The First of November
I didn’t grow up in a tradition that observed All Saints’ Day. Marrying a liturgically minded United Methodist pastor, whose father was also a pastor as well as a professor of preaching and worship, has been like slow seminary all these years. It’s difficult now to recall a time when I didn’t keep All Saints’ Day.
Since my dear father-in-law passed on November 1st four years ago, All Saints’ Day comes with more potent substance. If we held remembrance and honor for saints before his death, it’s now as if John’s dad begins the procession of saints, with song, like the beginning of a celebratory, high-Sunday service.
And behind him I see my own dad, my grandparents, John’s grandparents, our aunts, my uncles, Little David, Chelley, Ms. Pasty, Mr. Hayden, Judy Lea, Joe Nutt, Mr. Baldwin, Keith, Kerrie, Rhonda’s mom, Mia’s mom and brother, Angie’s sister and dad and nephew, Bridget’s dad and brother. Saints from churches we’ve served. Saints from the churches where we first knew Jesus. Young ones whose lives ended too soon. Servicemen and servicewomen. The number goes on and on.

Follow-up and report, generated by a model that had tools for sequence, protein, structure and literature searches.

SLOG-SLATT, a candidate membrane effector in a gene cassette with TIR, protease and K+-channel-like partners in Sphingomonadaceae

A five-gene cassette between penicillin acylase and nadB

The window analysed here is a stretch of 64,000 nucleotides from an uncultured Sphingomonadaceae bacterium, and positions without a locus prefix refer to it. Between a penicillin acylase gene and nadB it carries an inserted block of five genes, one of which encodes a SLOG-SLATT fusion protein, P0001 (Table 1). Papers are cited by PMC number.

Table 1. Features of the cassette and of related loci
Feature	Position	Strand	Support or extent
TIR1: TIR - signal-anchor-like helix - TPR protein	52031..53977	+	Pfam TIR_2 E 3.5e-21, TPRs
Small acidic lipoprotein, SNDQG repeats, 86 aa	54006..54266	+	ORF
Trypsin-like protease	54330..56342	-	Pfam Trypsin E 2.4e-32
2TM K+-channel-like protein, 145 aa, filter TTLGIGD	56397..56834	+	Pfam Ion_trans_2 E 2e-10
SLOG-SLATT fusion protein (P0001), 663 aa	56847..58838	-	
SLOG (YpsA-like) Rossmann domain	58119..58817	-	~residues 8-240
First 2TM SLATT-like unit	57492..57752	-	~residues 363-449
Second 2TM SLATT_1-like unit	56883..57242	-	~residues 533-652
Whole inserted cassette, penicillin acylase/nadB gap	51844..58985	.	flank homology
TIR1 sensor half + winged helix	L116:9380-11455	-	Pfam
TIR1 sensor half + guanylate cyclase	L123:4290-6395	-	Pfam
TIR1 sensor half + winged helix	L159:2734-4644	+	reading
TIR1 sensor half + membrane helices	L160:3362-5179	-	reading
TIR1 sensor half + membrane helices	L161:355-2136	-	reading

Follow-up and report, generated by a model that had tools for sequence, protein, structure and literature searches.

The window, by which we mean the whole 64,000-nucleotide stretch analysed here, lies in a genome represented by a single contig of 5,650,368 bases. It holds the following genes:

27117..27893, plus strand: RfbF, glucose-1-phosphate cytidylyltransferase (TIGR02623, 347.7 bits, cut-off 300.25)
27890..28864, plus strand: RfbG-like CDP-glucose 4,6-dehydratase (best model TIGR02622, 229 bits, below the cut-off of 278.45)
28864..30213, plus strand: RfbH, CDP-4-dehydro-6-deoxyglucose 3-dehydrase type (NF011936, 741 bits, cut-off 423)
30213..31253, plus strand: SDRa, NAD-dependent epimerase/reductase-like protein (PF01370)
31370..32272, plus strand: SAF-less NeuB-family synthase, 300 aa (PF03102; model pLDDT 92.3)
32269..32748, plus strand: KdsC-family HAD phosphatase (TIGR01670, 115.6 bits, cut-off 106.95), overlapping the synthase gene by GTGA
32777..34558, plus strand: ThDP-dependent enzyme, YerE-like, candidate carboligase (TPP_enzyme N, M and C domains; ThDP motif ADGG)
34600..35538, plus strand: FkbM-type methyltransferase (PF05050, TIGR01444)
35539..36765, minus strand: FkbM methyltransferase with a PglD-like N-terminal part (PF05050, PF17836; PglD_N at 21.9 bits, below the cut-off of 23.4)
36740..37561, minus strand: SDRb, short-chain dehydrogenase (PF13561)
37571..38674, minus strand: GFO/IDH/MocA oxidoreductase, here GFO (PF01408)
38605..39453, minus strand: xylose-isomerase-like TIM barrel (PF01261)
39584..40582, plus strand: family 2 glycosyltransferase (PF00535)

The spiritual lives and internal stories of the people I see in the processional behind Dad Boyd are not all known to me. How can I know the hearts of humans? I struggle to know my own quite often. The writer of Hebrews encourages me that I am surrounded by a great cloud of witnesses. That is more and more comforting as I go. Perhaps, too, that cloud of witnesses is teaching me to give space and time for God to make the saints, teaching me to love like I am loved while God works.
As this All Saints’ Day nears its end, my heart turns to prayer. In trust in God’s love for me and the world and all who live in it, I give thanks for the saints whose lives and love have helped me grow and become. I give thanks for living saints, too numerous to name, whose lives and love are holding me and helping to grow and become.